To pursue any aim in your life, your beliefs, values and choices must be in perfect alignment with each other and with your essential nature, without conflicts. Sometimes you may think wealth is important to your happiness but subconsciously you may be afraid of being wealthy and do everything possible to minimize your chances of earning wealth. This self-sabotaging behavior is why many people fail to earn wealth, although they may have a strong desire to do so.
The Bhagavadgita clearly states that if you cook food solely for yourself, you verily eat sin. If you are suffering because you do not have enough wealth or you have not done enough to earn wealth, it may be because you wanted wealth for yourself and your family and never considered using it for a higher purpose. You might not have brought God or a spiritual purpose into the equation or considered that you had an obligation to use wealth for God's work and serve his aims upon earth as his true servant or trustee.
Perhaps, you do not know or believe that all wealth belongs to God and you can only hold it in good faith to execute his will. Like most other people, you might have solely thought about yourself and your goals, expecting to enjoy life and secure your welfare and that of your family with your wealth, rather than using it for righteous purposes. Since you lacked faith and right intentions and since you thought as an individual rather than as part of God’s Dharma, you became the sole carrier of the burden and its weight upon your conscience. It is the same as the state of those who fought against the Pandavas in the Kurukshetra. They had the army (wealth) of Lord Krishna, but he and his Dharma were not on their side.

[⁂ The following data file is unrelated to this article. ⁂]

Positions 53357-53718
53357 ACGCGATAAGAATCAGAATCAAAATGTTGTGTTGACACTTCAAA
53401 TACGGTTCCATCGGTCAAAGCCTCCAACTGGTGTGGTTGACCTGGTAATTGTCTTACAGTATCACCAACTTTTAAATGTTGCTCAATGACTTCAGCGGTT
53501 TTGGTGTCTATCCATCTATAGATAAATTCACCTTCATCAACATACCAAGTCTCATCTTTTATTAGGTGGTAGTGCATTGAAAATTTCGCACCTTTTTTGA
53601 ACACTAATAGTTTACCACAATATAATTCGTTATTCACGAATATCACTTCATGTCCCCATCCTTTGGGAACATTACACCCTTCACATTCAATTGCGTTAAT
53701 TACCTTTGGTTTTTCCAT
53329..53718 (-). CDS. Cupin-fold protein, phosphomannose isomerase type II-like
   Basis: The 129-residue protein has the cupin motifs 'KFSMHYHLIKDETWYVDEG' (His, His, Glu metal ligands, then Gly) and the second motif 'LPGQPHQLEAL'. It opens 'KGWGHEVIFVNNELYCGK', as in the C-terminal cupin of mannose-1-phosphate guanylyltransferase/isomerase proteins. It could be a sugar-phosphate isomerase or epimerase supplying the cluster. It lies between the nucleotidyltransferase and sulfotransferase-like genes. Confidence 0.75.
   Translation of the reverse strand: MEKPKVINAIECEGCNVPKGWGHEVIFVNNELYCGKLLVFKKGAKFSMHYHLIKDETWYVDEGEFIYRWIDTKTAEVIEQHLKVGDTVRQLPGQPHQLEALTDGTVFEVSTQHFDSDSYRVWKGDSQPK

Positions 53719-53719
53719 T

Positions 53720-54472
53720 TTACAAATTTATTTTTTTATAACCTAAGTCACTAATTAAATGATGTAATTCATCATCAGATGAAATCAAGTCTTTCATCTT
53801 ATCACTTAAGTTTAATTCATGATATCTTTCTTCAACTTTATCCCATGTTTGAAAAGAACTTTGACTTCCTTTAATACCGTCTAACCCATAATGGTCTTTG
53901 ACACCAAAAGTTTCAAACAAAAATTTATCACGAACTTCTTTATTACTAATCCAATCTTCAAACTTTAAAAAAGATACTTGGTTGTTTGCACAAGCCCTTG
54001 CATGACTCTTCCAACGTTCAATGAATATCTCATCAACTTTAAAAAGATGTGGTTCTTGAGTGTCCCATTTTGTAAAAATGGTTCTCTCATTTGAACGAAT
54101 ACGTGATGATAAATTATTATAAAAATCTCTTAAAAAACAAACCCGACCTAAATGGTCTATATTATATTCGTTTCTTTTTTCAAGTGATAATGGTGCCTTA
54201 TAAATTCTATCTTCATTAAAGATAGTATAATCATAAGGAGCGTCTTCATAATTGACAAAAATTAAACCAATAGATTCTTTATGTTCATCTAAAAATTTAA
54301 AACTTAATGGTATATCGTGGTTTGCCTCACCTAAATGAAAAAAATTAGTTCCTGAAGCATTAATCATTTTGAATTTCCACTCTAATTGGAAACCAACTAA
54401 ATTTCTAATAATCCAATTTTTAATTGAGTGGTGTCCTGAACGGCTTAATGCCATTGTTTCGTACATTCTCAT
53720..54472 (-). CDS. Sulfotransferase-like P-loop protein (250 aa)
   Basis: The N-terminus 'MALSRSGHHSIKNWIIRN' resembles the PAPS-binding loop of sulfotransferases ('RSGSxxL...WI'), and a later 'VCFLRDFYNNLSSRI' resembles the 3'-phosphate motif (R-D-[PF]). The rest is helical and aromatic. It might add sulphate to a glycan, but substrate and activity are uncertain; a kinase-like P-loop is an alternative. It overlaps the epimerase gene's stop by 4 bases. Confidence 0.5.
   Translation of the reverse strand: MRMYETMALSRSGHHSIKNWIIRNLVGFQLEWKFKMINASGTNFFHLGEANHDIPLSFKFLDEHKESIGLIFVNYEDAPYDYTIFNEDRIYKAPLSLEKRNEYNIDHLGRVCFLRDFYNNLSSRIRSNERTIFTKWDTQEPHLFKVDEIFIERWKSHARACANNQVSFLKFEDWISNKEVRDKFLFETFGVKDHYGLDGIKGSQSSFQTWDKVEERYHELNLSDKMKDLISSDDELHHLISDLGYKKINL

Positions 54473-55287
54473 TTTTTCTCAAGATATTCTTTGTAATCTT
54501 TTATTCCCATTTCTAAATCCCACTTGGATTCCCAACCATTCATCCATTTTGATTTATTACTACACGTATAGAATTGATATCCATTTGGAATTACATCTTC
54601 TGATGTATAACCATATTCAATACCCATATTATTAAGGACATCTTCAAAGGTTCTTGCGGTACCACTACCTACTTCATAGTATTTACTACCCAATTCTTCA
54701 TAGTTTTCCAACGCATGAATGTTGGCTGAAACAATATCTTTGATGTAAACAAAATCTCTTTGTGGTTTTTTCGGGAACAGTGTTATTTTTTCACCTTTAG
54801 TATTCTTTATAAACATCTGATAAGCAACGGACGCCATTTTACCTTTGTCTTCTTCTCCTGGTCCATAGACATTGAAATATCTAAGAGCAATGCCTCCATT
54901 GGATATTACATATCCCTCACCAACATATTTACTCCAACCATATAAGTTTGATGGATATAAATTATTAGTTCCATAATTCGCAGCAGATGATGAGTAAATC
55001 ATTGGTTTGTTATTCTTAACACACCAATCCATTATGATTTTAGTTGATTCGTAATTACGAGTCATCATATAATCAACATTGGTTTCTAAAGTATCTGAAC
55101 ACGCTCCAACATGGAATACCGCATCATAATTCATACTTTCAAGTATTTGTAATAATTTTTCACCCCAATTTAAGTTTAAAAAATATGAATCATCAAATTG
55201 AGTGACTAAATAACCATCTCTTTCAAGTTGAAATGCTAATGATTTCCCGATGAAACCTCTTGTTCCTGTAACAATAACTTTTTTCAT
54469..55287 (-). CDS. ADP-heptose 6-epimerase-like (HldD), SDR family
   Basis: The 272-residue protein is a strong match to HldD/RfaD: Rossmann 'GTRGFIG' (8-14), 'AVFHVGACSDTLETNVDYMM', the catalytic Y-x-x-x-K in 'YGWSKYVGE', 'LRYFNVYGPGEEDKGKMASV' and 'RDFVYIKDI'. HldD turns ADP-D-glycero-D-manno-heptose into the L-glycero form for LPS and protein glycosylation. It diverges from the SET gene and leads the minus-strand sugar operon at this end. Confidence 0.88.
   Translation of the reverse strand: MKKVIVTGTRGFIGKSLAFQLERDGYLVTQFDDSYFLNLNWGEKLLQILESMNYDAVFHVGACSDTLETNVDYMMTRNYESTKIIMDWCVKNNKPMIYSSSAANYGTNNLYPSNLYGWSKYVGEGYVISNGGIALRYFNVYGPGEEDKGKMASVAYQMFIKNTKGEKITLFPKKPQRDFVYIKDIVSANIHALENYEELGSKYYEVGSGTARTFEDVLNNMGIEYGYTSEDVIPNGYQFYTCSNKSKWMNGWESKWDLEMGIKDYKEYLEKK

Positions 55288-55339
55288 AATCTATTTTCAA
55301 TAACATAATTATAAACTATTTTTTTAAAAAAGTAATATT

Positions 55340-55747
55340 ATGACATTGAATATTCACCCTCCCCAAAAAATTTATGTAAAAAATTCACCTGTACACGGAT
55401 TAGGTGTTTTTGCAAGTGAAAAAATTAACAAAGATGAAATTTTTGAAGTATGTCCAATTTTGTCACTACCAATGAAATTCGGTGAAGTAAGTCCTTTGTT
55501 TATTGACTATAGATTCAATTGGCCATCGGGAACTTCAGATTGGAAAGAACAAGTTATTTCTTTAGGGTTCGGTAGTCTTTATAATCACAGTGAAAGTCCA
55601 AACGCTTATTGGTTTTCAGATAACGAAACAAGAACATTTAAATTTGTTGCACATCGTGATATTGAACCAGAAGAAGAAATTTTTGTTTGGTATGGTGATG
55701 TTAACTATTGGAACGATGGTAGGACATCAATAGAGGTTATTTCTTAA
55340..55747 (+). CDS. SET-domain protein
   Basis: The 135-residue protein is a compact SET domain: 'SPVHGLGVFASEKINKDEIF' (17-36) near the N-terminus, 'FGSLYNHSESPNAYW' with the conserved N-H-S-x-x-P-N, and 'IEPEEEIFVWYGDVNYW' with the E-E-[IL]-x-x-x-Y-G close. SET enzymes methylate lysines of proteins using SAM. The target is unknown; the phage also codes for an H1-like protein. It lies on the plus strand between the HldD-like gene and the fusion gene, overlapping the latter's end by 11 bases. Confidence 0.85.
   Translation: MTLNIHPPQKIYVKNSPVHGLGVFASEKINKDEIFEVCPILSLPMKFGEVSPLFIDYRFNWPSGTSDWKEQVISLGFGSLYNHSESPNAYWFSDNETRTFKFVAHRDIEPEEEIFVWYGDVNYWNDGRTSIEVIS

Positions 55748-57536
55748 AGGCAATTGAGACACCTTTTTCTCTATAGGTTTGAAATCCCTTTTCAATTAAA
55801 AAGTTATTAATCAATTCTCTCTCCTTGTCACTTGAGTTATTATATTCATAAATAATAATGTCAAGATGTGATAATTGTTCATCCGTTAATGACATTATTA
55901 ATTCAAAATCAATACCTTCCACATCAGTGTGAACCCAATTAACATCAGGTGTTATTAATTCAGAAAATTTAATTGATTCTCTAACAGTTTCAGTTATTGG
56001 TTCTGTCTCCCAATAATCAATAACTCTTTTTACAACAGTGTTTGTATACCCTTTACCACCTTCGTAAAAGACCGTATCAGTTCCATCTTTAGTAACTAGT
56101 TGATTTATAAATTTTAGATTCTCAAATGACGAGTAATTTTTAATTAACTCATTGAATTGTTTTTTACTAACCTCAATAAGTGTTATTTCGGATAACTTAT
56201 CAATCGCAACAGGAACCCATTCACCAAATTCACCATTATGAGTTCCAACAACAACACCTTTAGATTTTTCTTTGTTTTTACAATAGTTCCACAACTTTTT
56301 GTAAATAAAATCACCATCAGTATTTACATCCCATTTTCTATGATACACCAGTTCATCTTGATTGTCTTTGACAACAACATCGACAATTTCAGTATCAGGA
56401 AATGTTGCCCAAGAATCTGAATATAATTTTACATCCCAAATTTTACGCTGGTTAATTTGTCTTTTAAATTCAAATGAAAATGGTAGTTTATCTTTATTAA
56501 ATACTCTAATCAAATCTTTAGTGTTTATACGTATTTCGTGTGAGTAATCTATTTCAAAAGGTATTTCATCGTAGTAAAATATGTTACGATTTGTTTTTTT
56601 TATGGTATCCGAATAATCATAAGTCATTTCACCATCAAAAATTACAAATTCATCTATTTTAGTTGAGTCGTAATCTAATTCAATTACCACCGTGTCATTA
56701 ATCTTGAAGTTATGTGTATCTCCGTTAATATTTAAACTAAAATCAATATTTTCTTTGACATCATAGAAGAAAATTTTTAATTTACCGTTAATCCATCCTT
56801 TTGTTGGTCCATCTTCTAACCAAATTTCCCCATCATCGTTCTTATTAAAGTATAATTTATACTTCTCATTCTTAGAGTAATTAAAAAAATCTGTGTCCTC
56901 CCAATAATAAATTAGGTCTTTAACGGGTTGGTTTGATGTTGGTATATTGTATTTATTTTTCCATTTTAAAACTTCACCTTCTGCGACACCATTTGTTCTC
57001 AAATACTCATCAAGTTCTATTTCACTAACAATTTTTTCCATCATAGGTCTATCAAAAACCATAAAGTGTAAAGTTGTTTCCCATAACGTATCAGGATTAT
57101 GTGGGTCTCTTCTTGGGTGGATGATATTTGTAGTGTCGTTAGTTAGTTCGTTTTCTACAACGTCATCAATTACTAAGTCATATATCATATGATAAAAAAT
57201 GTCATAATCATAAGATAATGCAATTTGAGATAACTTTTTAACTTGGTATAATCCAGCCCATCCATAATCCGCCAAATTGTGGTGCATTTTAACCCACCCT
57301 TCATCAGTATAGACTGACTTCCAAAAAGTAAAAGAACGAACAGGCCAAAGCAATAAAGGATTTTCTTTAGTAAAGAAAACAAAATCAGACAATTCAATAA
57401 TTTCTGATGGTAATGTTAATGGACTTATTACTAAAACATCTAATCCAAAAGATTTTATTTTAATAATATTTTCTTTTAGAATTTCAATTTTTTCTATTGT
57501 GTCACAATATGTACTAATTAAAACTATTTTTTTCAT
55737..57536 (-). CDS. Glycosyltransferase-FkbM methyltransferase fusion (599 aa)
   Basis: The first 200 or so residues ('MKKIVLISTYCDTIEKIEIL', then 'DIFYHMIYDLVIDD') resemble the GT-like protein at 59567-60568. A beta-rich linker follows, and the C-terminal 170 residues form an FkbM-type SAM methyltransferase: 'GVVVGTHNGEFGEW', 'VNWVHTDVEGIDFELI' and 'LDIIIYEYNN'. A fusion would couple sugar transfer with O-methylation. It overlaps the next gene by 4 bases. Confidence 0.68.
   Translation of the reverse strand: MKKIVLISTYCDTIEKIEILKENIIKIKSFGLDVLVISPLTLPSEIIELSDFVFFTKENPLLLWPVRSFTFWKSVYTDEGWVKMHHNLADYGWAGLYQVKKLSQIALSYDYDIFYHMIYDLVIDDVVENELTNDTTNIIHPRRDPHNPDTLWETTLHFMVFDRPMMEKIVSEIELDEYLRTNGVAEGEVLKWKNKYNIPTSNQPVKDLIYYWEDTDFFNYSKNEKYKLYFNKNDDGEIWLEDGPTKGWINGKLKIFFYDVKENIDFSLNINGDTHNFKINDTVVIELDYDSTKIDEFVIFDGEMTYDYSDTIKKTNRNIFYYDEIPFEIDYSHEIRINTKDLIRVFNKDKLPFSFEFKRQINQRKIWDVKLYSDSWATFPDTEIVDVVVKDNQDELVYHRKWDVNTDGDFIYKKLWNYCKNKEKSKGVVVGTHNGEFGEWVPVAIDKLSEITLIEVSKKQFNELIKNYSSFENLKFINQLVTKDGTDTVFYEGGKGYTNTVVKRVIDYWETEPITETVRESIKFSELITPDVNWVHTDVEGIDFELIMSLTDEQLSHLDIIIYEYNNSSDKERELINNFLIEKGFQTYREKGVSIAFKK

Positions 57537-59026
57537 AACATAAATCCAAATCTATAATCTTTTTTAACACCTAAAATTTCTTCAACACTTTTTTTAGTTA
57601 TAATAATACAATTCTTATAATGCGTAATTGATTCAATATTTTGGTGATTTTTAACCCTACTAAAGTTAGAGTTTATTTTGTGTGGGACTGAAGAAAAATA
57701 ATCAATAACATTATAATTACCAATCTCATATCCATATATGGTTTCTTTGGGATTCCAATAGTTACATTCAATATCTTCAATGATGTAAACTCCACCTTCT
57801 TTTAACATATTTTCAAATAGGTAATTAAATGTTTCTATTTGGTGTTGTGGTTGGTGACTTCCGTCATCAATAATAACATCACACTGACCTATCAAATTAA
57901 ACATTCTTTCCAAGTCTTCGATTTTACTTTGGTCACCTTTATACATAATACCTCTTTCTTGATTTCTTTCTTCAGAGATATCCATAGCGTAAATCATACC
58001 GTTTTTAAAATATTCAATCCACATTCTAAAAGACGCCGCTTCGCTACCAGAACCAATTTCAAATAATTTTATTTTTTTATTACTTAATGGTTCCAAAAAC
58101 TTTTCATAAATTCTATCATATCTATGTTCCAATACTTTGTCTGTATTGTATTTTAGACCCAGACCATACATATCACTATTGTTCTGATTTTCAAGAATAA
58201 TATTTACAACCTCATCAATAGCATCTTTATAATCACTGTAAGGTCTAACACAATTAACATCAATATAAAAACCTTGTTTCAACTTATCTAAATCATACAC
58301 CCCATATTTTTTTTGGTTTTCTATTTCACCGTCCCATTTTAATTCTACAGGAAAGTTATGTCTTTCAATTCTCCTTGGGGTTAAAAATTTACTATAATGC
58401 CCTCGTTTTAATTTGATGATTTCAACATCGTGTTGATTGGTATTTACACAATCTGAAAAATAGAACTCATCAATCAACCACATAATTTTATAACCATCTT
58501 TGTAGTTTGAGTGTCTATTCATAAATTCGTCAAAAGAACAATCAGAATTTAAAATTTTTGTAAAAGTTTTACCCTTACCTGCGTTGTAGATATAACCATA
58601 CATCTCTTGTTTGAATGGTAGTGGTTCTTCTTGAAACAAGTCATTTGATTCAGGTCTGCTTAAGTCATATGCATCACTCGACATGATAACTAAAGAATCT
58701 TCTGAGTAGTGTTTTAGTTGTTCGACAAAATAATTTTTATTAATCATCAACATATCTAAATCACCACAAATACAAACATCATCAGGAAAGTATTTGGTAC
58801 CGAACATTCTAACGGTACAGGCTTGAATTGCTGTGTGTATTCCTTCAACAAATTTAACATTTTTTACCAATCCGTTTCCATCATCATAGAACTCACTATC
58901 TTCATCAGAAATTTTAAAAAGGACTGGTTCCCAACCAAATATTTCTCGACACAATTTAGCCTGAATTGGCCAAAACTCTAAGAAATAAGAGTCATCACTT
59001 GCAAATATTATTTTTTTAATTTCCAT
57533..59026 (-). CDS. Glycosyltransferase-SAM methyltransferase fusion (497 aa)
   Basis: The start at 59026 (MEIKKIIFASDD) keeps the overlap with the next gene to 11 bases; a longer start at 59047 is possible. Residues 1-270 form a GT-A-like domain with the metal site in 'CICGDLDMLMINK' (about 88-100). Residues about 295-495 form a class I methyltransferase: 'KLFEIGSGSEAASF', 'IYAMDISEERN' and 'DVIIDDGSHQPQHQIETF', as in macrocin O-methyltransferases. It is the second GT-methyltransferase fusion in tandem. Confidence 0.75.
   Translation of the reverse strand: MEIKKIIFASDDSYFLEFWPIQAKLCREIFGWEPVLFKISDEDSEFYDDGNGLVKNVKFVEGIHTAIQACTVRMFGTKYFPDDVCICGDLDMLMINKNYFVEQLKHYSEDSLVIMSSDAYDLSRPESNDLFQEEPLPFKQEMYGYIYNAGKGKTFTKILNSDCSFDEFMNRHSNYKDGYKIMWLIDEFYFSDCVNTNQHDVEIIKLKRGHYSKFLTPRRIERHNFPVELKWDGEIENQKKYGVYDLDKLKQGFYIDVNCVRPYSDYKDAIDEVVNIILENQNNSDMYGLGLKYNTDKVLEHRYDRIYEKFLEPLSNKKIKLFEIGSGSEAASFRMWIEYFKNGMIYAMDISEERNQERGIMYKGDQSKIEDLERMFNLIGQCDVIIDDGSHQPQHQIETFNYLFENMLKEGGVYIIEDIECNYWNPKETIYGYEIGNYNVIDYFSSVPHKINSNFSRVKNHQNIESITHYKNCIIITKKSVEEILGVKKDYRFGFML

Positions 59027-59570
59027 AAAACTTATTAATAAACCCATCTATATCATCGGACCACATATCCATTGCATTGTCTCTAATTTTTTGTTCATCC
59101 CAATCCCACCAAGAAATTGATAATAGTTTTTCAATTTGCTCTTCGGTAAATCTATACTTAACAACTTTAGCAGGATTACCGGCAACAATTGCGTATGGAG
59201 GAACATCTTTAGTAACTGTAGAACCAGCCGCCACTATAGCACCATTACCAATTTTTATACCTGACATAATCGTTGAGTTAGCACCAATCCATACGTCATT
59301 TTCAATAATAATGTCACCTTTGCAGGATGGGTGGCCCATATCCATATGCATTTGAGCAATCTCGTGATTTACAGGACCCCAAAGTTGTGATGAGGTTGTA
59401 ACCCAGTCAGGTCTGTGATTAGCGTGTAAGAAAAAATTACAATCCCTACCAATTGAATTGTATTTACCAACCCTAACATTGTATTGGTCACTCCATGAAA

It is true that the world treats you differently if you have more wealth. The world not only puts a lot of value upon wealth but also associates many good qualities and traits to those, who possess it in abundance. It is why wealthy people enjoy a certain aura in society, command greater attention and respect and hold powerful positions and offices. Even among spiritual people, it is the rich and powerful Swamis and Babas who wield considerable influence over common people and receive most of the attention, adulation, publicity, following, respect and donations.
When you tie the worth of a person to his monetary value, you will not look at the person but his possessions. You also do the same to yourself and thereby torture yourself if you believe that you failed to measure up to your own expectations. Wealth is not the only way to look at yourself or others. There are many other options and alternatives. You can use a different value system to set your priorities and live your life, by breaking free from the shackles of conditioning, which the world imposes upon you, and choose to be a different person with a different value system.